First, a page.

• 4.1 - Effects of CB[n] Hosts on Guest Solubility
  • 4.2 - Effects of CB[n] Hosts on Guest Spectroscopic Properties
  • 4.3 - Effects of CB[n] Hosts on Guest Structure and Isomerization
  • 4.4 - Effects of CB[n] Hosts on Guest Aggregation
  • 5 - Effects of Cucurbit[n]urils on guest reactivity and chemical properties
  • 5.1 - CB[n] Nanoreactor Control of Guest Acidity
  • 5.2 - CB[n] Nanoreactor Control of Guest Electrochemical Properties
  • 5.3 - CB[n] Nanoreactors for Enhanced Reactant Solubility and Stability
  • 5.4 - CB[n] Nanoreactors for Reactant Geometry and Stereochemistry Control
  • 5.5 - CB[n] Nanoreactors for Reaction Templating
  • 5.6 - CB[n] Nanoreactors for Reaction Catalysis
  • 6 - Conclusions
  • References
  • Chapter 4 - Systems Based on Calixarenes as the Basis for the Creation of Catalysts and Nanocontainers
  • 1 - Introduction
  • 2 - Synthesis and structure of calixarenes
  • 2.1 - Calixarenes and Thiacalixarenes
  • 2.2 - Calix[4]resorcinarenes and Pyrogallolarenes
  • 3 - Macromolecular catalysts based on macrocyclic receptors
  • 4 - Supramolecular catalysis by calixarenes
  • 5 - Supramolecular catalysis by metal complexes based on calixarenes
  • 6 - Supramolecular systems for controlled binding/isolation of organic molecules and biosubstrates
  • 7 - Conclusions
  • Acknowledgments
  • References
  • Chapter 5 - Carbon Nanotube Nanoreactors for Chemical Transformations
  • 1 - Introduction
  • 2 - Confinement effects inside carbon nanotubes
  • 2.1 - Electronic Effects
  • 2.2 - Surface and Cavity Effects
  • 2.2.1 - Diffusion and Concentration Gradients
  • 2.2.1.1 - Diffusion of Liquids
  • 2.2.1.2 - Diffusion of Gases
  • 2.2.1.3 - Concentration Gradients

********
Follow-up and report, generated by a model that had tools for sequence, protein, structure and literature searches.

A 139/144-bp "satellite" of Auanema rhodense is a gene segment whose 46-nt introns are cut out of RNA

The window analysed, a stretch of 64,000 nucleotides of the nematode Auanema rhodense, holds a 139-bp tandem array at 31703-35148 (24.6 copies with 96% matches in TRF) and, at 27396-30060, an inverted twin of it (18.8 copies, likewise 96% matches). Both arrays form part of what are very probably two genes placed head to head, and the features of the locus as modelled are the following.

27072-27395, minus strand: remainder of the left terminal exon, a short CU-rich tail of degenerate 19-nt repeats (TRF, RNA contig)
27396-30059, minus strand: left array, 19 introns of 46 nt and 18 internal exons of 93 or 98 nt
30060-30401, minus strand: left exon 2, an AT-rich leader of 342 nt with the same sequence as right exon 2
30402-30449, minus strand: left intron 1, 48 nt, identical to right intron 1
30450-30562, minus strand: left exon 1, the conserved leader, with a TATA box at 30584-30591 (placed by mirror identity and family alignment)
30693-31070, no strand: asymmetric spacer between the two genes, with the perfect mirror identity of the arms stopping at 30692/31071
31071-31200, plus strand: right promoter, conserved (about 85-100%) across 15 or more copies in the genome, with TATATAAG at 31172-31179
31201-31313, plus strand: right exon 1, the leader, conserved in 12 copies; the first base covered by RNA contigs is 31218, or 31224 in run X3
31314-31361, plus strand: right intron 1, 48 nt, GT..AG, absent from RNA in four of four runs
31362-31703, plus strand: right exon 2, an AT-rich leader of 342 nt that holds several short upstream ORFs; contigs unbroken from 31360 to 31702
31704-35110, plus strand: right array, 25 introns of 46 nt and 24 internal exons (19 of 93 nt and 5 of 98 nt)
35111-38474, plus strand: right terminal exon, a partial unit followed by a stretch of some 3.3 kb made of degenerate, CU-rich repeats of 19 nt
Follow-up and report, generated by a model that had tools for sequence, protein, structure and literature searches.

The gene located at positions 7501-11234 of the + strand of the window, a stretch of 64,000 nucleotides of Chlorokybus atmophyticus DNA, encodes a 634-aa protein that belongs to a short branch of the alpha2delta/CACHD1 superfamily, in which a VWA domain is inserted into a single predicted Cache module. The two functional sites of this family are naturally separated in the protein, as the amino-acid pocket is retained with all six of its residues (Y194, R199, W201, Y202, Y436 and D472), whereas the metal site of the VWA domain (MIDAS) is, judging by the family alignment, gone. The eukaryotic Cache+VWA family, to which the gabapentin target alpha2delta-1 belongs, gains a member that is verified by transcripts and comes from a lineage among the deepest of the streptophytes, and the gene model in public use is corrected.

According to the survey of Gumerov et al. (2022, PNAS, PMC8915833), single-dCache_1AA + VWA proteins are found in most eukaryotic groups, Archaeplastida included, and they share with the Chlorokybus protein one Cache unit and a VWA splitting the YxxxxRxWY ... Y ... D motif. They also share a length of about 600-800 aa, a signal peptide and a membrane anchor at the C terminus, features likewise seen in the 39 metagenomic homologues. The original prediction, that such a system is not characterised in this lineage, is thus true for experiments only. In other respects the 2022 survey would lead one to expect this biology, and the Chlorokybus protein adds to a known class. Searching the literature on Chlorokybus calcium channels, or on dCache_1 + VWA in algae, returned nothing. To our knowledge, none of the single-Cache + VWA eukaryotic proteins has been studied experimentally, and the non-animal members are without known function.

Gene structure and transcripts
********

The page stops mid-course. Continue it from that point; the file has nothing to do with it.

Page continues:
• 2.2.2 - Spatial Restriction and Stabilization
  • 2.3 - Combination of Effects
  • 3 - Characterization of confined species in carbon nanotubes
  • 4 - Synthesis of confined metal nanoparticles in carbon nanotubes
  • 4.1 - Wet Chemistry Method
  • 4.1.1 - Wet Impregnation From a Metallic Precursor Solution
  • 4.1.2 - Wet Impregnation From Preformed NPs Suspensions
  • 4.2 - Use of Melted Compounds
  • 4.3 - Use of Volatile Compounds
  • 4.4 - Use of Supercritical Medium
  • 4.5 - Simultaneous Growth of CNTs and Filling of the Inner Cavity
  • 5 - Chemical transformations inside carbon nanotubes
  • 5.1 - Noncatalytic Chemical Reactions
  • 5.2 - Catalytic Chemical Reaction
  • 5.2.1 - Gas-Phase Reactions
  • 5.2.1.1 - Fischer-Tropsch Synthesis
  • 5.2.1.2 - CO Preferential Oxidation
  • 5.2.1.3 - Other Reactions Involving CO
  • 5.2.1.4 - Oxygen Reduction Reaction
  • 5.2.1.5 - Other Gas-Phase Reactions
  • 5.2.2 - Liquid-Phase Reactions
  • 5.2.2.1 - Hydrogenation
  • 5.2.2.2 - Oxidation
  • 5.2.2.3 - Other Reactions
  • 6 - Summary
  • References
  • Chapter 6 - Dendrimers as Nanoreactors
  • 1 - Introduction to dendrimers
  • 1.1 - Dendrimers
  • 1.2 - Metallodendrimers
  • 2 - Nanoreactors
  • 3 - Dendrimers as nanoreactors
  • 3.1 - Dendrimer Cavity
  • 3.2 - Periphery of Dendrimers
  • 4 - Dendritic hosts
  • 5 - Dendritic nanoreactor effects on guest(s)
  • 5.1 - Dendritic Nanoreactor Effect on Solubility of Guest(s)
  • 5.2 - Dendritic Nanoreactor Effect on Biocompatibility of Guest(s)
  • 5.3 - Dendritic Nanoreactor Effect on Fluoresces of Guest(s)
  • 5.4 - Dendritic Nanoreactor and Guest Isomerization
  • 6 - Dendritic nanoreactors as templating and stabilizing agent
  • 6.1 - Stabilization and Templating of Metallic Nanoparticles
  • 6.1.1 - Stablizing and Templating of Monometallic Dendrimer-encapsulated Nanoparticles
  • 6.1.2 - Stabilizing and Templating of Bimetallic Dendrimer-Encapsulated Nanoparticles
  • 6.2 - Stabilization and Templating of Quantum Dots
  • 7 - Dendritic nanoreactor in catalysis
  • 7.1 - Representative Examples of Dendritic Catalysts
  • 8 - Dendritic nanoreactor in energy sector
  • 9 - Conclusions
  • References
  • Chapter 7 - Catalysis Within the Self-Assembled Resorcin[4]arene Hexamer
  • 1 - Catalysis within cavities